The Yale School of Medicine defines ‘cannabis use disorder’ (CUD) as “the continued use of cannabis, despite significant negative impact on one’s life and health.”
In a recent article published in MGH Psychiatry News, Dr. Ruta Nonacs presents the results of a recent study that point out there are few, if any, benefits to use of medical marijuana for those suffering from depression or anxiety, and yet a greater risk for developing a CUD was found.
Given the proliferation of dispensaries of medical marijuana—39 states and the District of Columbia have legalized it—and widespread marketing of the drug’s alleged ability to treat a wide range of psychological and physical ailments (including pain, nausea, insomnia, depression and anxiety), this research counters such assumptions about the supposed efficacy of medical marijuana as a treatment for at least two of these conditions: depression and anxiety.
Unfortunately, countless people, including those with debilitating symptoms, have not gotten any relief by using medical marijuana. Further, many have opted to “treat” their maladies with cannabis, rather than other evidence-based treatments.
The study Nonacs cites, published by Jodi Gilman, PhD. and her associates at the Center for Addiction Medicine at Massachusetts General Hospital, concludes that getting a medical marijuana card can actually raise the likelihood of one becoming vulnerable to CUD.
Using a single-blind randomized, controlled trial, the 3-year research study was conducted in the Boston metropolitan area with adults between 18 and 65 years old. One group got a medical marijuana card immediately, while the other group was asked to wait 3 months before getting a card. Each participant in the study presented with either chronic pain, insomnia, anxiety or depressive symptoms.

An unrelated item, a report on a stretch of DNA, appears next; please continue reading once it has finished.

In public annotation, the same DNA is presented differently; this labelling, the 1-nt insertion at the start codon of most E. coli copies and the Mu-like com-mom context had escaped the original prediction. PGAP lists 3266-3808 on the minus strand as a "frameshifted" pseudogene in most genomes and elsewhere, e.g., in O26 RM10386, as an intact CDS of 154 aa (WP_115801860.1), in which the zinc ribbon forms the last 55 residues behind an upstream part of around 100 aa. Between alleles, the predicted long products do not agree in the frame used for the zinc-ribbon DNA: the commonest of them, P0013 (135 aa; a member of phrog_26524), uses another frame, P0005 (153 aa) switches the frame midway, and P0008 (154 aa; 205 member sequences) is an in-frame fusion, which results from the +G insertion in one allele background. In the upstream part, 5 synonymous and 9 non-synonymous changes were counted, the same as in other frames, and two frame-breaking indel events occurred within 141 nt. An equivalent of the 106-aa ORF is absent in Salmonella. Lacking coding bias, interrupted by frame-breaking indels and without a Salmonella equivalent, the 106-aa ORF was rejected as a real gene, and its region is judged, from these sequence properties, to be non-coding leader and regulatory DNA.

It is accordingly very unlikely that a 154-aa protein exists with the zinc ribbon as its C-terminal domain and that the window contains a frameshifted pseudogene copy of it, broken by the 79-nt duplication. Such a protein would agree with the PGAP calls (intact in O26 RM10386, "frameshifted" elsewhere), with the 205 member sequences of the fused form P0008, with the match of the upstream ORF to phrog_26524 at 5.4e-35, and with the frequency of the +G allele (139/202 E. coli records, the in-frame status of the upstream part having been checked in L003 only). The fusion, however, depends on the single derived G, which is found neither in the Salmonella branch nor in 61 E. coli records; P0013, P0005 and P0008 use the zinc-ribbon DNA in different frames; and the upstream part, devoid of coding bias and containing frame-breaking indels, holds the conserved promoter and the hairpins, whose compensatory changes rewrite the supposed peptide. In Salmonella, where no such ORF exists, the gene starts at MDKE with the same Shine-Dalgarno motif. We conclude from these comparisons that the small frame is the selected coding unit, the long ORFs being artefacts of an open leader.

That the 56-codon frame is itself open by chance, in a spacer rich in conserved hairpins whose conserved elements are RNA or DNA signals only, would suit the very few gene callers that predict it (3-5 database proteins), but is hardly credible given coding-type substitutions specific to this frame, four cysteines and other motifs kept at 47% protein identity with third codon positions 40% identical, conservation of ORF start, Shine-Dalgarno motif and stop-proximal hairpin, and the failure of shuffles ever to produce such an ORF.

Both in-person visits and telephone visits were used during the period of study for both groups, including an assessment of any adverse events. Specific note was made of any CUD symptoms, assessed by investigators using the CUD Checklist for the Diagnostic and Statistical Manual of Mental Disorders (Fifth Edition).
The data derived from the study demonstrated that, in adults with chronic pain, insomnia, depression or anxiety, “obtaining a medical marijuana card and using cannabis products from a dispensary increased the risk for developing CUD without significantly improving symptoms (other than sleep).” However, what was even more striking was there being almost a threefold higher likelihood of developing a CUD in those who received a medical marijuana card immediately after the first visit compared to those who waited 3 months.
It’s also worthy of noting that CUD symptoms manifested relatively quickly – each group of study participants were followed for just 12 weeks and yet a significant number reported CUD symptoms, most often a higher tolerance and continued use, in spite of what were found to be recurring psychological or physical problems caused or exacerbated by cannabis.
The researchers acknowledged further research is warranted to discern whether those using medical marijuana for health reasons face the same risk for CUD as those who recreationally use it. A key takeaway, however, is the data shows “using marijuana for a medical reason may not protect the user from developing CUD.”
Nonacs concludes by saying this study’s results align with those found in a number of previous studies, indicating getting a medical marijuana card “may pose a high risk or may even be contraindicated for people with affective disorders.”
 Yale School of Medicine. “Cannabis/Marijuana Use Disorder Fact Sheet.” 2022.
 Nonacs, Ruta, MD, PhD. “Medical Marijuana for Depression and Anxiety: Little Benefit, Higher Risk of Cannabis Use Disorder.” Massachusetts General Hospital Psychiatry News. Mar. 23, 2022.